Netanyahu says army general’s Holocaust remarks ‘unacceptable’

Deputy leader of IDF compared trends in Israel with those in pre-war Europe

Prime minister Binyamin Netanyahu has launched a scathing attack on the deputy Israel Defence Forces (IDF) chief of staff Maj Gen Yair Golan for "disrespecting the memory of the Holocaust".

Gen Golan sparked controversy last week when, during a speech honouring Holocaust remembrance day, he said he identified trends in contemporary Israel similar to those in pre-war Europe.

"If there is something that frightens me about the memory of the Holocaust, it is seeing the abhorrent processes that took place in Europe, and Germany in particular, some 70, 80 or 90 years ago, and finding manifestations of these processes here among us in 2016," he said.

Not a comparison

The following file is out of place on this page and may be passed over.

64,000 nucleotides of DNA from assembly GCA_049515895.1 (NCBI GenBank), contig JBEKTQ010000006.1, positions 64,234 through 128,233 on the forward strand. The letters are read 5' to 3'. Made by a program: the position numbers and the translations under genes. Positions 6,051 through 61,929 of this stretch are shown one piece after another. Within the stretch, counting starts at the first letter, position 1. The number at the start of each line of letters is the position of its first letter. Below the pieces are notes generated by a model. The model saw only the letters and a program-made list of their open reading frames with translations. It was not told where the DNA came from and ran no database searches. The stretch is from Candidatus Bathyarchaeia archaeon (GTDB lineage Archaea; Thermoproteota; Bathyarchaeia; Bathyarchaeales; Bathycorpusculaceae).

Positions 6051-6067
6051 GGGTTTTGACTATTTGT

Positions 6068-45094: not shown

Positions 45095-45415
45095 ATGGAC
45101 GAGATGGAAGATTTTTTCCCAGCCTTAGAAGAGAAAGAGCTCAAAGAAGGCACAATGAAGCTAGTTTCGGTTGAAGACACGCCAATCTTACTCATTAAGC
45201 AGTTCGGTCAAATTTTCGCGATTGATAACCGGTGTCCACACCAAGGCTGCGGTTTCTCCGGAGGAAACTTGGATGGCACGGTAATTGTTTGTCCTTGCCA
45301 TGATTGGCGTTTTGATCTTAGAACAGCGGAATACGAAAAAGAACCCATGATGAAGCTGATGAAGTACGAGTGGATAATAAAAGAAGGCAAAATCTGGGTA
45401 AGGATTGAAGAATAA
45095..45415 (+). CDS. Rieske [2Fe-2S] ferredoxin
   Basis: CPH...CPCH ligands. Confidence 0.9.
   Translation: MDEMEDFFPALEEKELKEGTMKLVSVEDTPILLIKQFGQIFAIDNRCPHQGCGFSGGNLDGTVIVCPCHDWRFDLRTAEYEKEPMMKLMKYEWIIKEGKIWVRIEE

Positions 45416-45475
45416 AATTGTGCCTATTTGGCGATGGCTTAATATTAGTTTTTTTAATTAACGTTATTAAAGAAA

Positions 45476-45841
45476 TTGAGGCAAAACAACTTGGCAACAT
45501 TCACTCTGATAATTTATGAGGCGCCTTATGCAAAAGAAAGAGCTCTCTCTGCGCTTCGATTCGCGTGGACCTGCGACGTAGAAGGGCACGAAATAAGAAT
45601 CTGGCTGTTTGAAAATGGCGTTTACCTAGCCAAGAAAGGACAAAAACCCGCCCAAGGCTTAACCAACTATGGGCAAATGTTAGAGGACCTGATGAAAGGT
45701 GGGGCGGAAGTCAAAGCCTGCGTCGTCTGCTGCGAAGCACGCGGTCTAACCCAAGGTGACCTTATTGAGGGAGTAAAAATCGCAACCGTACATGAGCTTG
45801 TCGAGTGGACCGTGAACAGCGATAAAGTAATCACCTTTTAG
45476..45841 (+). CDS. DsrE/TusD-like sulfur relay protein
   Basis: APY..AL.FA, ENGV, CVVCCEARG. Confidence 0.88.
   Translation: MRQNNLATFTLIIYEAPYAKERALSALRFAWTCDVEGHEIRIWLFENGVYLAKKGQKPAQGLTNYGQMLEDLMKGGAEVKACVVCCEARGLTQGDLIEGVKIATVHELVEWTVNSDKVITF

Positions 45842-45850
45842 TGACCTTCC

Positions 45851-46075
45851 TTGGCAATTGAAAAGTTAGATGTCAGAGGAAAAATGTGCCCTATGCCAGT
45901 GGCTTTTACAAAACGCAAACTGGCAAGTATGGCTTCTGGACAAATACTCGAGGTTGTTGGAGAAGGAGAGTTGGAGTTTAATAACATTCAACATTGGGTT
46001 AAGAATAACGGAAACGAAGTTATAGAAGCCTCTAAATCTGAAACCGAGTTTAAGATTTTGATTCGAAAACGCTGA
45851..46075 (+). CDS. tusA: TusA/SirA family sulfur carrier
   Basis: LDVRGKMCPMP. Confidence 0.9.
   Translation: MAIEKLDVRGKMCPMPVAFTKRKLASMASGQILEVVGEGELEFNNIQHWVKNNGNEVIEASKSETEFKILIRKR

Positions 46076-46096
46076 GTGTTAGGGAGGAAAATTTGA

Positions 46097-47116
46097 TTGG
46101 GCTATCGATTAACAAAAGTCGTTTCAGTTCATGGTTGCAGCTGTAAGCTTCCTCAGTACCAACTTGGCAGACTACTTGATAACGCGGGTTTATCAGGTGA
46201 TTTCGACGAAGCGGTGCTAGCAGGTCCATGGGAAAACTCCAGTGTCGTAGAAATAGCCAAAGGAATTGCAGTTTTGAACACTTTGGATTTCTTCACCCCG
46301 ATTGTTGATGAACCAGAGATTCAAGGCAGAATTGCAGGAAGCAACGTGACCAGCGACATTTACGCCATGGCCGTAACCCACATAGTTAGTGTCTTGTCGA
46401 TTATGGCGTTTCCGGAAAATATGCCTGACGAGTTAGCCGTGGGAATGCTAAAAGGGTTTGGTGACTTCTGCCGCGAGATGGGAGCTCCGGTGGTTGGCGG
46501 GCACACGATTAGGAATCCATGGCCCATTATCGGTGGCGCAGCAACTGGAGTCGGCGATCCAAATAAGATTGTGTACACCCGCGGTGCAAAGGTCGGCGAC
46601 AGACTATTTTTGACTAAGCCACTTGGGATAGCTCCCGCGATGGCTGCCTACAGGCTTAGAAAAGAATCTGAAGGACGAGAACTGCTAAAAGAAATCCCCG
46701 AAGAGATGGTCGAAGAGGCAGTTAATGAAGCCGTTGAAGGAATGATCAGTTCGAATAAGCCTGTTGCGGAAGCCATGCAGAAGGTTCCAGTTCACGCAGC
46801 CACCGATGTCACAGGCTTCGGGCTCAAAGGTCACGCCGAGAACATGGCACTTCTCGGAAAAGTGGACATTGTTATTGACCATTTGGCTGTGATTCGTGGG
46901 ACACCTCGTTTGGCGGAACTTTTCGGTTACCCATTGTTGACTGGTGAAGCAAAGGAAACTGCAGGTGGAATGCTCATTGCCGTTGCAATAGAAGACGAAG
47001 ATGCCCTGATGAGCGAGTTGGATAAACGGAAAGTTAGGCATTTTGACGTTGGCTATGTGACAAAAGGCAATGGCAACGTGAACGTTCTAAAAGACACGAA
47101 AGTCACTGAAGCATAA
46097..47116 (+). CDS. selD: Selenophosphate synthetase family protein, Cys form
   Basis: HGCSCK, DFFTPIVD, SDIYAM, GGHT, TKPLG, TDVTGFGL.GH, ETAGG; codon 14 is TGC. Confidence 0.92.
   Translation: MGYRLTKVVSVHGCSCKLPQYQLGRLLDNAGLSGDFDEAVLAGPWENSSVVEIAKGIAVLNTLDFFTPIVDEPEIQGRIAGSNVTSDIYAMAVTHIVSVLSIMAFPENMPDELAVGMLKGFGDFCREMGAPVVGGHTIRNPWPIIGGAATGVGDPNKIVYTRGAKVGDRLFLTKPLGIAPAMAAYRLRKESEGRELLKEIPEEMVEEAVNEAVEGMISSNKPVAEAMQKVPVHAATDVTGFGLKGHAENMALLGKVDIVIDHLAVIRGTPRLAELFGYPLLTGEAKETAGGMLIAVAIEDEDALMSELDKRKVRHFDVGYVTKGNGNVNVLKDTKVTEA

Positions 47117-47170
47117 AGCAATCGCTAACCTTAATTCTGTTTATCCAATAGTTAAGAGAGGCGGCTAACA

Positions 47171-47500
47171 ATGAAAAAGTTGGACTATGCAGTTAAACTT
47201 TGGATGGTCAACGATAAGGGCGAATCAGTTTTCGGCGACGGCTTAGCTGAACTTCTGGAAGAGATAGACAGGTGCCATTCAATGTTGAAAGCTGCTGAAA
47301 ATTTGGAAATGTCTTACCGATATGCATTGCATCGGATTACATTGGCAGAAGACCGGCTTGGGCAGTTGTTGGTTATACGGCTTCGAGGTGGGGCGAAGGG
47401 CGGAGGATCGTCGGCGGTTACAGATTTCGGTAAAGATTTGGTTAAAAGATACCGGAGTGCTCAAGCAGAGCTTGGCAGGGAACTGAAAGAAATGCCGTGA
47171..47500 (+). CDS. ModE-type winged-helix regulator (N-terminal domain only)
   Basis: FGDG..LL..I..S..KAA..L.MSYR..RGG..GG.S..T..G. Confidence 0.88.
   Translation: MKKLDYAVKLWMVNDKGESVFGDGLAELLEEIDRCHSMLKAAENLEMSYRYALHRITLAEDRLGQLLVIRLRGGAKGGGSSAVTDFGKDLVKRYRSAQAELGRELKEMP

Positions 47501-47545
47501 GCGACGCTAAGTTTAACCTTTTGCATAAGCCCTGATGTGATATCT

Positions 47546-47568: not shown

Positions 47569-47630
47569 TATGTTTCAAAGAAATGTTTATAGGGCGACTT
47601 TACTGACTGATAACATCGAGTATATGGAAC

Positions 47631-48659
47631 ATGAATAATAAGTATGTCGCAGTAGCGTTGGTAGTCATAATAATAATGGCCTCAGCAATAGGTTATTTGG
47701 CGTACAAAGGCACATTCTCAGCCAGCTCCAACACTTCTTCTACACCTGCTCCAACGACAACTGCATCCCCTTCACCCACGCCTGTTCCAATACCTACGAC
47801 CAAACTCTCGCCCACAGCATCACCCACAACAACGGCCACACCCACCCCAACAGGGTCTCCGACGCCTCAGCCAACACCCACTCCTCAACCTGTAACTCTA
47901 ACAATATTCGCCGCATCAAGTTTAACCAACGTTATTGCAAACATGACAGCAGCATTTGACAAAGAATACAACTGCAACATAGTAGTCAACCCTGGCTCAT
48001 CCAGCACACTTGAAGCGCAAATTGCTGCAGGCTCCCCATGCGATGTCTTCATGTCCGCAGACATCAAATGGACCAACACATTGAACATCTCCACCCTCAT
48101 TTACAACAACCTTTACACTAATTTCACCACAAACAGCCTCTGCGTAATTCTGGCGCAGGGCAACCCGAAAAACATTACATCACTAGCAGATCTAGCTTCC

After a public outcry, the general clarified that he hadn’t intended to compare Israel to Nazi Germany


“I had no intention of making that comparison – it is absurd and unfounded,” Gen Golan said. “There was no intention of creating that impression or to criticise [Israel’s] political echelon. ”

However, Mr Netanyahu said Golan’s comments were “unacceptable”.

“The comparison implied is outrageous and baseless. These remarks should not have been made at all, and certainly at the time they were said. These remarks wrong Israeli society and disrespect the memory of the Holocaust.”

Culture minister Miri Regev, from Mr Netanyahu's ruling Likud party, called on the general to resign, saying he had joined those who delegitimise Israel.

Retired generals along with politicians came to the general’s defence, most notably defence minister Moshe Ya’alon, who issued a statement in support of Golan, saying his words were twisted in an attempt to “politically damage the IDF and its officers”.

Israel's opposition leader Yitzhak Herzog praised Gen Golan as a courageous commander. "The crazies who will now start screaming against him should know: this is what morality and responsibility sound like."

Former IDF chief of staff Benny Gantz said: "Golan's statement was poignant and brave. Neither the left nor the right have a monopoly on ethics."